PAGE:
Thousands of teachers from Chicago and beyond rallied at a
Parents can expect to wait until Sunday afternoon or later to find out whether their children will return to class Monday morning after missing a week of school because of the
While attorneys talked terms in private, the Saturday afternoon rally was filled with symbolism. Out-of-state teachers traveled to Union Park in solidarity with a city teachers union that has attracted national attention as organized labor looks for lessons in a fight with cash-strapped government.
Representatives from teachers unions in Wisconsin and Minnesota spoke, as did the Rev.
"I remember in Baltimore, we had a 95 percent strike, but it didn't look like this," Johnson said, referencing the 90 percent support Chicago's strike vote got. "You have proven to the world that you're not going to take it anymore.
"The challenge was to stand up for the children, and you have done that."
Union officials on Friday hoped for as many as 50,000 to show their support Saturday. Instead, a crowd that police put at 2,500 jammed into a corner of the park to chant, shout and march in support of a strike they say is about securing the best learning conditions for students. The smaller turnout was perhaps indicative that the union's agreement to a framework with the district -- paired with a long week of picketing -- left many teachers deciding to stay home.
Chicago Teachers Union President Karen Lewis kept the rhetorical pressure on, however, seeking to avoid losing leverage as details are hammered out.
Lewis energized the crowd by saying she wanted the air conditioning turned off at CPS headquarters and
Then Lewis offered a warning in advance of an anticipated House of Delegates vote Sunday in which members could opt to end to the strike and start a process to approve a contract.
"A woman came up to me and said she got a text from her principal telling her faculty to report to work tomorrow and Monday to prepare their rooms, and what I want to tell you is, we're still on strike," Lewis said as the crowd cheered.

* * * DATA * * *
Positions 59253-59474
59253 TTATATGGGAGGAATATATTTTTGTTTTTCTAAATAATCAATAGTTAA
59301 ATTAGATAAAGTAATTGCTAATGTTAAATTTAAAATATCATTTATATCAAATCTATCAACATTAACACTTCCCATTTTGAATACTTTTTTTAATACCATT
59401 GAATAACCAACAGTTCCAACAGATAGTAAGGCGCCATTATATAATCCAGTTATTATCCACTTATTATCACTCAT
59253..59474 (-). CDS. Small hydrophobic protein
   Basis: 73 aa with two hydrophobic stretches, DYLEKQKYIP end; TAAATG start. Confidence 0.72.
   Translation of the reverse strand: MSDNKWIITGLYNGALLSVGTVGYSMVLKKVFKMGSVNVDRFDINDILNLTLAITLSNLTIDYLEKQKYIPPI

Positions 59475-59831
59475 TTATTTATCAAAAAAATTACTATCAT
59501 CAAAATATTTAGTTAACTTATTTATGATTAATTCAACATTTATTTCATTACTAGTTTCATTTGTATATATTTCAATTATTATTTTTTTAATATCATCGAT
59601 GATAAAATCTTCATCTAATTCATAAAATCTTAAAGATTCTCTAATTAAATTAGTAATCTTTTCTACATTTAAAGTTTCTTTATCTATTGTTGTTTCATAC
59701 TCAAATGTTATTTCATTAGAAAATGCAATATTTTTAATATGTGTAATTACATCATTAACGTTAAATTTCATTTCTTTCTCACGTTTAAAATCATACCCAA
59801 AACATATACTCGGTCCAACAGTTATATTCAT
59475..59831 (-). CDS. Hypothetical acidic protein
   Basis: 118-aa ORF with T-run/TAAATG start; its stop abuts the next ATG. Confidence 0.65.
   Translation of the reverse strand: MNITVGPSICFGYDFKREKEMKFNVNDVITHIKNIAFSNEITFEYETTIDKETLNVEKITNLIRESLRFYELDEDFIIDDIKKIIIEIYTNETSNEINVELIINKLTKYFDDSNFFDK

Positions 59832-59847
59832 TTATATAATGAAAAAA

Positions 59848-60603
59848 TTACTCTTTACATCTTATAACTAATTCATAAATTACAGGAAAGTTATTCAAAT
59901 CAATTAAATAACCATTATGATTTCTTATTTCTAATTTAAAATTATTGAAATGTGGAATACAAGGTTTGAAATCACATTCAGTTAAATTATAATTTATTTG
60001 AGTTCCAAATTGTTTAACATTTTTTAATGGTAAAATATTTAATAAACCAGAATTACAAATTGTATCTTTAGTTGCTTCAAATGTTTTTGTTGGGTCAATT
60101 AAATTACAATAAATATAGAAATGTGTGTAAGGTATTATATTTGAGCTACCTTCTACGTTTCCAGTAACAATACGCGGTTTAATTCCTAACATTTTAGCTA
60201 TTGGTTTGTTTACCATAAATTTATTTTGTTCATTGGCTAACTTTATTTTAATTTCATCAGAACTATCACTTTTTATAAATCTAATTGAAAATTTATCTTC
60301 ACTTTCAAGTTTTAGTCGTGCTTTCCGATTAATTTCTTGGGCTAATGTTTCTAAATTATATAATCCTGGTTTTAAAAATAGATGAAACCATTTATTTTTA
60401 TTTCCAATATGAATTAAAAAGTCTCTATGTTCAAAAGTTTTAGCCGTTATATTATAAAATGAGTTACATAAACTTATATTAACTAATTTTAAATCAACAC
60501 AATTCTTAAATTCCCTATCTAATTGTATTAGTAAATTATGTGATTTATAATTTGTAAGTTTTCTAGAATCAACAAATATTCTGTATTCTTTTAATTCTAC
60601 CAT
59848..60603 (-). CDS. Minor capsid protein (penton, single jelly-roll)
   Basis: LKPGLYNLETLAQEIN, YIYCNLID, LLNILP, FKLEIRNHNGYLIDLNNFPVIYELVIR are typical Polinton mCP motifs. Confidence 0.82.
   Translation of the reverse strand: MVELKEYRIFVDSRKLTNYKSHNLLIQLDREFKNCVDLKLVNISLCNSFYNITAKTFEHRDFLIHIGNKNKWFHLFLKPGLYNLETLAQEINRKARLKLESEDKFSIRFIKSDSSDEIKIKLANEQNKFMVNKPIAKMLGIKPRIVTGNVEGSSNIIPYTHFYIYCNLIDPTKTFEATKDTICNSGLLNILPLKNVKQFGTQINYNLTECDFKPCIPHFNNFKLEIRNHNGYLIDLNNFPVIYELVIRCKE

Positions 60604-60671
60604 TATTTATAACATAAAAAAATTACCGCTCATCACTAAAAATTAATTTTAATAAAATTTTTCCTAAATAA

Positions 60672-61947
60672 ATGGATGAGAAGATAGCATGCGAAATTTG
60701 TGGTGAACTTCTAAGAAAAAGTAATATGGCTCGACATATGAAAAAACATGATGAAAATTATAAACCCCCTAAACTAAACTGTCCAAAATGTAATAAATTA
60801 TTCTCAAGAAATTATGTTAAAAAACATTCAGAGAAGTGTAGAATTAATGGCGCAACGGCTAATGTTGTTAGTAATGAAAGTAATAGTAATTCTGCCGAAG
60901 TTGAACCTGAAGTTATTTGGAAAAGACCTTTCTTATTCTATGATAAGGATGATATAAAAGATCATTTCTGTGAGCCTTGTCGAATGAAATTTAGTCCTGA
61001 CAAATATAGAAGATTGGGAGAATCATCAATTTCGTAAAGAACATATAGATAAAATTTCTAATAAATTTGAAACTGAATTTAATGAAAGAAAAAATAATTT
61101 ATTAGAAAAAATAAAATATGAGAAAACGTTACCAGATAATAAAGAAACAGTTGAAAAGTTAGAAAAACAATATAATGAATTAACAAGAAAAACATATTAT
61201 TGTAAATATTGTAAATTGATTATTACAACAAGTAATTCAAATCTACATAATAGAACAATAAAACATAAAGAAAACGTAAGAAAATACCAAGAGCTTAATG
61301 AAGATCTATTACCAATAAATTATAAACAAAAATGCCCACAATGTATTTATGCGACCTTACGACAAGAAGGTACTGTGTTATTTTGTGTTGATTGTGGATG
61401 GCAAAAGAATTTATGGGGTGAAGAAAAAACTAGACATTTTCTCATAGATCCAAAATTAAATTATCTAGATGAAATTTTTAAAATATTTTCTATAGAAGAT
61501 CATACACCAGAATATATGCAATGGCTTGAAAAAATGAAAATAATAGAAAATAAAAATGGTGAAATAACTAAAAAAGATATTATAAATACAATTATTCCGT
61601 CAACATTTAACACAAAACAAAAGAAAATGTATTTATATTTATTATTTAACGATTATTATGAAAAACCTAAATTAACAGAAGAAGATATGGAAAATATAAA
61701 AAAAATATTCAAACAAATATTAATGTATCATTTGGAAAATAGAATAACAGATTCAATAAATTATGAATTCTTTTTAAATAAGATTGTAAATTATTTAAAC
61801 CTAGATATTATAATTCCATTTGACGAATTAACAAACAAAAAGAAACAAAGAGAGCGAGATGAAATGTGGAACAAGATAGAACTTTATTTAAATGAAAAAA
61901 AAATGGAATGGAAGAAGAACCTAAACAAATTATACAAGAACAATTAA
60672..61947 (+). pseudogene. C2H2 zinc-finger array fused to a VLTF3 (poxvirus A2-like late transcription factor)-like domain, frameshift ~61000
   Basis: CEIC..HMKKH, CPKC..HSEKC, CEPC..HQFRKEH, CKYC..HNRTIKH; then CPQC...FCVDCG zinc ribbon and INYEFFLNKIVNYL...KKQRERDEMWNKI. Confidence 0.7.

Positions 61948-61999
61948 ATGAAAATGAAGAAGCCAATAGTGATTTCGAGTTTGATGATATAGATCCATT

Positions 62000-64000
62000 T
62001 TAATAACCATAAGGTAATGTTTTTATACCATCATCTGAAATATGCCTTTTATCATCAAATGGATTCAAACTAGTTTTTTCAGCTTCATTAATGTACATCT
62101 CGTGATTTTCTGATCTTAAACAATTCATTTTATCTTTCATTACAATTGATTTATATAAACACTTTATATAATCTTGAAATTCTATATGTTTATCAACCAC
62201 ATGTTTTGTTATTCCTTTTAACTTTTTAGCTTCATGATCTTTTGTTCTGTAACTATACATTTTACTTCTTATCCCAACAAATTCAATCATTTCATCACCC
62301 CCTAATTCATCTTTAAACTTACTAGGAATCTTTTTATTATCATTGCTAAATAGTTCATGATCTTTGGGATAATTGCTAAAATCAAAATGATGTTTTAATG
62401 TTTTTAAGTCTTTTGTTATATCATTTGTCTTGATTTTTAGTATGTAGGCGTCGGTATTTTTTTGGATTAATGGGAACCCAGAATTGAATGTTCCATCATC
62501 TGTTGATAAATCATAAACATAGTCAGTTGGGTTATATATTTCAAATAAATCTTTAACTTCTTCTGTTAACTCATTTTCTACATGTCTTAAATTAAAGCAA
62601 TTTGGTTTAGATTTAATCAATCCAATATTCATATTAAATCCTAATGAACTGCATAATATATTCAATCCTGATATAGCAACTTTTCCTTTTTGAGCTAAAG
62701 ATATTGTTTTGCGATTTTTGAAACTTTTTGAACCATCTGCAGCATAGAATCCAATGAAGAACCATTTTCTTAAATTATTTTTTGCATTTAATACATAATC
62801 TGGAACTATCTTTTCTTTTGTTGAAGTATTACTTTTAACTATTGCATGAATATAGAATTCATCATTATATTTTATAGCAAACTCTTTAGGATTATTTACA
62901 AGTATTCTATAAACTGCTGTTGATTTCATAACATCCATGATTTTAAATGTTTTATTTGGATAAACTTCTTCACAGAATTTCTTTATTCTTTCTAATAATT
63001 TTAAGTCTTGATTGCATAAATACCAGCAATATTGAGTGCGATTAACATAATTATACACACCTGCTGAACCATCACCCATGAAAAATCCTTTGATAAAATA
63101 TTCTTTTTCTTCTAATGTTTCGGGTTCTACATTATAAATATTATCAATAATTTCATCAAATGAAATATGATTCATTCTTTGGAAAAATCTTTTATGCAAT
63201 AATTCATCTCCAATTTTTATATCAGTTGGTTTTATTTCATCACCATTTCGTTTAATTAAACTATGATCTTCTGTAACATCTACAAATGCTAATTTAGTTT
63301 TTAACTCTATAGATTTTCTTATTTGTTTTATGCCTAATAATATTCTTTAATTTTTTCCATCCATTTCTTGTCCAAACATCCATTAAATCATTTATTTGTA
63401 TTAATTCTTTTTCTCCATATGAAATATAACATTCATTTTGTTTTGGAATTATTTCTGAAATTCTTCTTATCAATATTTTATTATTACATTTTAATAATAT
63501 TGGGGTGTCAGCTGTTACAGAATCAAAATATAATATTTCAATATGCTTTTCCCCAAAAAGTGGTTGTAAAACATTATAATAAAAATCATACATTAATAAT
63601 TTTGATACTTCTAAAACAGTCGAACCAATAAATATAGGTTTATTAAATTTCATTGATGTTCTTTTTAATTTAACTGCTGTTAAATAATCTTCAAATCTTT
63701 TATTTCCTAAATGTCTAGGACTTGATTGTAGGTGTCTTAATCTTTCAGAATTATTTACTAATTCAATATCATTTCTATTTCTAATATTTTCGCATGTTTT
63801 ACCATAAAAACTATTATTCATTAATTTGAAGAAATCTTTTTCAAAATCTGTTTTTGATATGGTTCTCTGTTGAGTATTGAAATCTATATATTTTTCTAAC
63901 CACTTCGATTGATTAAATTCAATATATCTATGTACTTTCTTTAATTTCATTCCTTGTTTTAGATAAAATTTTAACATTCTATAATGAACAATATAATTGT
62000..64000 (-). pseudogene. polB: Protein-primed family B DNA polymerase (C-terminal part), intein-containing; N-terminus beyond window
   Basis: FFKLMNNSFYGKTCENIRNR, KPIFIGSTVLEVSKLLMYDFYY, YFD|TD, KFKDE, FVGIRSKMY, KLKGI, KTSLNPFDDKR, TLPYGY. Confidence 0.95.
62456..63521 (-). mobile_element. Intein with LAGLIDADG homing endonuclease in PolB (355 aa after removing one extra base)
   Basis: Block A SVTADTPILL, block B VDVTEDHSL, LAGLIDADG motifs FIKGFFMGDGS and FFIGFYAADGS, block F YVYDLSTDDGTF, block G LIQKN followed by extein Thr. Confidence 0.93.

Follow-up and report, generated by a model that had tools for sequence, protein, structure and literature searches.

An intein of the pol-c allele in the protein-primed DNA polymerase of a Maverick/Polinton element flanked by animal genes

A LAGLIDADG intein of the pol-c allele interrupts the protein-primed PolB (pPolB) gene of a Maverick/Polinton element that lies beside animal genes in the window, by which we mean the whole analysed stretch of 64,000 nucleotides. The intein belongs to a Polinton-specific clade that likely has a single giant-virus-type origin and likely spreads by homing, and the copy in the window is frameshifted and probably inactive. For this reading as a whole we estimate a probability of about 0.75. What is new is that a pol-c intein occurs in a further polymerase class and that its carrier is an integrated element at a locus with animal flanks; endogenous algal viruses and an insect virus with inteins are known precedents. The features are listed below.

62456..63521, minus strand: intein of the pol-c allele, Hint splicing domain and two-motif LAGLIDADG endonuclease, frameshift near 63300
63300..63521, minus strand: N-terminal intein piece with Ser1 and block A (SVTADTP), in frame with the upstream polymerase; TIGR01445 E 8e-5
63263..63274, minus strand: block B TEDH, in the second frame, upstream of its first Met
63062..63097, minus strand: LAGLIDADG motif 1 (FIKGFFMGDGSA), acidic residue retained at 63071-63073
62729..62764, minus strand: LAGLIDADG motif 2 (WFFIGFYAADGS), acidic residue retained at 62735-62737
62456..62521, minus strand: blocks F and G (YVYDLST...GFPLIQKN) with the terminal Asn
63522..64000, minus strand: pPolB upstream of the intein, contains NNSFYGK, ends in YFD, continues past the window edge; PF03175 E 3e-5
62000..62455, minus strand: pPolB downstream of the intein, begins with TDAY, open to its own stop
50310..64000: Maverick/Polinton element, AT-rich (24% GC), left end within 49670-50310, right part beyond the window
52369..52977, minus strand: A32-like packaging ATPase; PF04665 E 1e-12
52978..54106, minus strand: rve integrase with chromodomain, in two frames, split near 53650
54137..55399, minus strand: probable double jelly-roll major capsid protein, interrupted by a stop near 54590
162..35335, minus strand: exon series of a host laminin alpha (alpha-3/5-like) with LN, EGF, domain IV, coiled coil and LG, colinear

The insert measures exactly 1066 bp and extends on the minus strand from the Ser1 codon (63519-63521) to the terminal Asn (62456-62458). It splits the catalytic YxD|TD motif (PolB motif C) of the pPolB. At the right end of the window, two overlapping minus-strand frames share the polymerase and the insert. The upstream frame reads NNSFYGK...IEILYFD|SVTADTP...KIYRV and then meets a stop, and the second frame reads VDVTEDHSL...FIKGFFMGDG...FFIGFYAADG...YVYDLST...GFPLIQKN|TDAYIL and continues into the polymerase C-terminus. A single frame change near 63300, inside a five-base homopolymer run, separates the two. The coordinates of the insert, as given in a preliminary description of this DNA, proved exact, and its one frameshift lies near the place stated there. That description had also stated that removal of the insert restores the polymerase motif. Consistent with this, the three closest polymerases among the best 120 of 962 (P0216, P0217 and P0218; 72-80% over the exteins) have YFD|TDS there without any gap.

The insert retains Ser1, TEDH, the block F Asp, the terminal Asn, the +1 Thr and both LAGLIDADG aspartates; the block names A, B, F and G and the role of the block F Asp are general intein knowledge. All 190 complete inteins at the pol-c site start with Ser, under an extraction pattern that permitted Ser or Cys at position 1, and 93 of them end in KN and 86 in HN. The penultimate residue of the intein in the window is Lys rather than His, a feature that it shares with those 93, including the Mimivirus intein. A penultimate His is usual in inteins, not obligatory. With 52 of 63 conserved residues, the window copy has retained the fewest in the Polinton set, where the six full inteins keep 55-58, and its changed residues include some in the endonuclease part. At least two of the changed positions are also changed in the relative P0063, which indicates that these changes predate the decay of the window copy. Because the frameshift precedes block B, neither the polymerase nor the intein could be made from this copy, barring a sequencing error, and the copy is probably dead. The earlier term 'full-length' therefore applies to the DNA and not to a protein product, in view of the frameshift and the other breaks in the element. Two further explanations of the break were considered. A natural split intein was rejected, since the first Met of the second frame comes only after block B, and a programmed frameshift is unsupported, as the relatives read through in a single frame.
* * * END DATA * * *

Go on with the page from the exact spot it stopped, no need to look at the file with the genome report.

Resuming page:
"We have the framework for an agreement. We don't have an agreement. So, until you hear it from CTU ..."
"It's not true!" teachers shouted back.
The atmosphere resembled that of a street festival, with families and friends posing for photos and a marching band parading through the park.
Before speakers took the stage, Paul Mulchrone, a music teacher at Carter Elementary in the Washington Park neighborhood, sat on a blanket under a tree with his three children.
"We're striking for a fair contract, but we're also using this strike to send a message," said Mulchrone, who added that he had been picketing and knocking on doors in his school's neighborhood all week. "If you want us to improve test scores or however you measure it, then we need the resources and we need (the city) to invest in the schools."
The Chicago rally came a day after a Wisconsin judge struck down nearly all of a law pushed by Republican Gov.
"Greetings of solidarity from Wisconsin, from the state where teachers led the fight against Gov. Walker to the city where teachers are standing firm against Rahm Emanuel!" Bob Peterson, president of the Milwaukee Teachers' Education Association, shouted from the stage. "Walker and Emanuel are two sides of the same pro-corporate, pro-privatization agenda."